When you come for the Garden Conservancy Open Day, you might want to visit Paxson Hill Farm across the Delaware. It’s very close by and is open the same day. There are two sculpted trees there you might find of interest.

      1. Love the idea of visiting Paxson Hill Farm. Planning is proceeding but timing is tight, especially since I leave in a week for a month in Italy. (Yes, I know that isn’t something to complain about.)

  4. Hi James
    I wonder why you keep the rotten skeleton of your dead tree? Will it not be a dead body anyway in the nearest future all though you decorate it with cover like Hedera, virginia creeper, roses or whatever?
    I´ve had such dead-tree-installations my self, in several of my gardens years ago, and each time when finished planting the cover at the base I´ve said to my self: ” Weel in some years it will probably grow beautiful, when the climbers are up”. But it never happened. 5-7 years later when it reached it´s goal, the tree collapsed, and I regret that I did not chop it down to the ground from the beginning and started all over with a new tree instead.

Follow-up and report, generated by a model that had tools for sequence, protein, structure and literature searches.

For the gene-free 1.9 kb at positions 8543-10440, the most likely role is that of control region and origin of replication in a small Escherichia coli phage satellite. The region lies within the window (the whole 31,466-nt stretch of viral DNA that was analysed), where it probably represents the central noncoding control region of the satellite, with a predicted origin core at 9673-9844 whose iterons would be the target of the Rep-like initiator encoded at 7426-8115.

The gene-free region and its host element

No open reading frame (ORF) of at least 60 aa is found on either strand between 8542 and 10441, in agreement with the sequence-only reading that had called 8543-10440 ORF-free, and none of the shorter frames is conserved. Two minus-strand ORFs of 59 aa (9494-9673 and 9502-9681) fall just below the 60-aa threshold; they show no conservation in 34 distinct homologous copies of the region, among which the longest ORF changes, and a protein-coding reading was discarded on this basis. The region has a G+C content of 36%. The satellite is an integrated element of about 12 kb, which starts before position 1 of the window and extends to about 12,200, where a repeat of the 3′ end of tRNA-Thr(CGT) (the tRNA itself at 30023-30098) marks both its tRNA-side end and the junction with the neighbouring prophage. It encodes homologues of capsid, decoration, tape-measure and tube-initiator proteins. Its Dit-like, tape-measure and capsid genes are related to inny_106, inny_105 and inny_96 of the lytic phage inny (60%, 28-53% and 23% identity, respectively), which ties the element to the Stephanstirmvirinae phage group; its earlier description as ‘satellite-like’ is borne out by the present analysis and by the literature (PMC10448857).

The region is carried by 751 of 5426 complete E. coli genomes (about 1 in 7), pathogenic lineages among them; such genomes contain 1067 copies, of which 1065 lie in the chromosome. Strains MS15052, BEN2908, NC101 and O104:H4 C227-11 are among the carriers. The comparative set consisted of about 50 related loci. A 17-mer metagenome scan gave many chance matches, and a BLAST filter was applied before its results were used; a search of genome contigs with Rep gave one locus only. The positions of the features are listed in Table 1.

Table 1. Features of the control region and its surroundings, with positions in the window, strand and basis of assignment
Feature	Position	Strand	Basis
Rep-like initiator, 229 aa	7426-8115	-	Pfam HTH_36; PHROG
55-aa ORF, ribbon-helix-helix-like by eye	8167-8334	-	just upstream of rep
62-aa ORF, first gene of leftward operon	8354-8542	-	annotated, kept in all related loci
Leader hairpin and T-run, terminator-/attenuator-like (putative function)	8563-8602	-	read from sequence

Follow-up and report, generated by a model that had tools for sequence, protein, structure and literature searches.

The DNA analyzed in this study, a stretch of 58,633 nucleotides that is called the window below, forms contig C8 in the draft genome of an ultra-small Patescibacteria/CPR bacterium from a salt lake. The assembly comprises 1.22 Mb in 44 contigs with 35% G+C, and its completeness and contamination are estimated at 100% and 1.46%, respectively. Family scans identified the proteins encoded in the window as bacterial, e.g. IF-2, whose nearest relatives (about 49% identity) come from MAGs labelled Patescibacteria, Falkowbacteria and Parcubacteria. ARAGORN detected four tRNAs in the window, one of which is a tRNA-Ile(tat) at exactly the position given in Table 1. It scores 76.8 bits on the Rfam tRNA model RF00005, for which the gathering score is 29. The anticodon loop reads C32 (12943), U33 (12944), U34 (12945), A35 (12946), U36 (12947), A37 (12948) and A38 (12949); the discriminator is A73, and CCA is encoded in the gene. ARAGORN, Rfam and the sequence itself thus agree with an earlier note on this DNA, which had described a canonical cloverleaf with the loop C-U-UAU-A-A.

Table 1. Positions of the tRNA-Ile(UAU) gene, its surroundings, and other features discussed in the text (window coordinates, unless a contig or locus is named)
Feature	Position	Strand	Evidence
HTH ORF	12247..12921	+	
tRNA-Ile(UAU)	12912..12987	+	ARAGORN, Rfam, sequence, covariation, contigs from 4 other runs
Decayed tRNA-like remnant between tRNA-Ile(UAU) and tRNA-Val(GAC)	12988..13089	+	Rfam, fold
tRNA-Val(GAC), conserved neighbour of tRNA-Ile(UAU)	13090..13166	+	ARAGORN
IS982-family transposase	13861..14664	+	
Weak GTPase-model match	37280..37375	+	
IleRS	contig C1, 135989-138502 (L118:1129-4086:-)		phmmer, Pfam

But perhaps you can do this trick much better! – I´d like to follow you and the dead tree in the nearest future.

    Have a nice day and a lovely trip to Britain.

    Kind regards

    1. Hi, Kjeld –

      I understand what you mean, but I want to create a rather melancholy feeling in the garden (at least at times), and the dead tree to me is one very effective way to achieve that. It’s also appropriate to my place (genus loci), where dead trees (we call them “snags”) are common because of soil and climatic conditions. There are many of them both on my property and in the surrounding woods. Our area is a haven for woodpeckers, too, and dead trees provide a sustainable supply of food for them, particularly the very large and rather rare pileated woodpecker. So I have many reasons for trying this experiment (and my garden is certainly experimental). Fortunately, Virginia creeper has already started growing up the tree in years past, so I hope it will cover much of the tree quickly. If this does not work–as your experience has proven for you–I will certainly cut it down. But it will have to be replaced with a much smaller tree. So, for me, it’s worth the risk to wait and see. My response raises a question: Do you have woodpeckers in Denmark?

      Thanks much for commenting. It’s good to hear from you.